Tubeless tyres can be repaired if they have a butyl or latex lining. IRC's tyres do many other do not though. If you have a proper lining then you use a inner tube patch and vulcanising rubber glue to seal the inside of the tyre. For tyres without a lining you may need your superglue again to get the patch to stick. You can do this if your plug/superglue fix starts leaking air. 

Sidewall cuts can be dealt with using the flexible superglue. I would not try a tyre worm as they make the hole bigger. not something you want to do with a sidewall cut. Small cuts/holes can be filled that way. you may not be able to hold high pressures but you can get the tyre to hold enough air to get you home. One sidewall cut I got when riding my IRC's off road on a damp dark night (asking for trouble) was fixed this way. Initially it could only hold air for a couple of hours at 60 psi but I kept on apply the glue and after a week  or two it could hold 80 psi indefinatley and the tyre did another 3000km without issue. As it was a 28mm tyre 80psi was more than enough as I run those at 70 psi.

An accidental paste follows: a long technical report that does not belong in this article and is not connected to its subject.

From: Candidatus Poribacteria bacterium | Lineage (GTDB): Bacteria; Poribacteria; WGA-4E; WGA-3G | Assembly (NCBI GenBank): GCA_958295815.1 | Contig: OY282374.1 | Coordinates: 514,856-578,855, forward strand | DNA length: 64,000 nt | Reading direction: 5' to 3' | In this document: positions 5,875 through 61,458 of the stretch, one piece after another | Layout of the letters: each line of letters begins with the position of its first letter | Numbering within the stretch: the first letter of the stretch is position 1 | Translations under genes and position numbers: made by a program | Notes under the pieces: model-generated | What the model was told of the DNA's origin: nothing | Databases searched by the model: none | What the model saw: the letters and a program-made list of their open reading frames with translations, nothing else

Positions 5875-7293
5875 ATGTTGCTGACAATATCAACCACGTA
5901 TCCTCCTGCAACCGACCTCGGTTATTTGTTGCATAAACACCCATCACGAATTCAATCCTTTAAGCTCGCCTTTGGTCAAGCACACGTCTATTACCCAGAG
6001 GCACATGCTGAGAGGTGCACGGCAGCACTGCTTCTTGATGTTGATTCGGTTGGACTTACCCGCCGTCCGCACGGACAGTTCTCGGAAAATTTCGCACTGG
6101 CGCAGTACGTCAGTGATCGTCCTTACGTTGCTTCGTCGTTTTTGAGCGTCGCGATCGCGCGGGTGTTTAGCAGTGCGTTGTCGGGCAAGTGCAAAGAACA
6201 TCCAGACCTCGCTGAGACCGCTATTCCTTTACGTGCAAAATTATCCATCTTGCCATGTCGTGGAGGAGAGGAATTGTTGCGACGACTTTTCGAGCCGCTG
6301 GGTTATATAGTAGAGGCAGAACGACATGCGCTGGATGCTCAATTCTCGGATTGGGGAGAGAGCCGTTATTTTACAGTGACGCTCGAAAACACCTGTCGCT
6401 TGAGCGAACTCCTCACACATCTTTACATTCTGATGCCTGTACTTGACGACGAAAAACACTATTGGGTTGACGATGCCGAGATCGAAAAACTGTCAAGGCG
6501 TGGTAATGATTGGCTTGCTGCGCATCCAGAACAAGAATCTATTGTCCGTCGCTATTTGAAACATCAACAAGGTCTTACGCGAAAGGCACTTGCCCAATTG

So what you dont do is fit a tube to fix a puncture issue with tubeless tyres. If you carry a tube ask your self why, the hint is in the name TUBELESS!!!!!

What I carry;

When I am commuting on the commuter I have tyre worms, flexible superglue, a pump, CO2, valve core remover and a 2oz bottle of sealant. 

When riding my race bike I just carry flexible superglue and CO2 unless I am feeling paranoid. 

The thing is even if I carry what I do on the commuter bike it still takes up less space than tubes and levers. I do not carry a tube or tyre levers. As far as I am concerned my tubeless tyres once fitted will remain on the wheel until they are worn out, unless I have to patch it which thankfully I have had to do only once. 

So I hope that helps answer questions about riding with tubeless tyres. I have given up on clinchers with tubes and won't be switching back.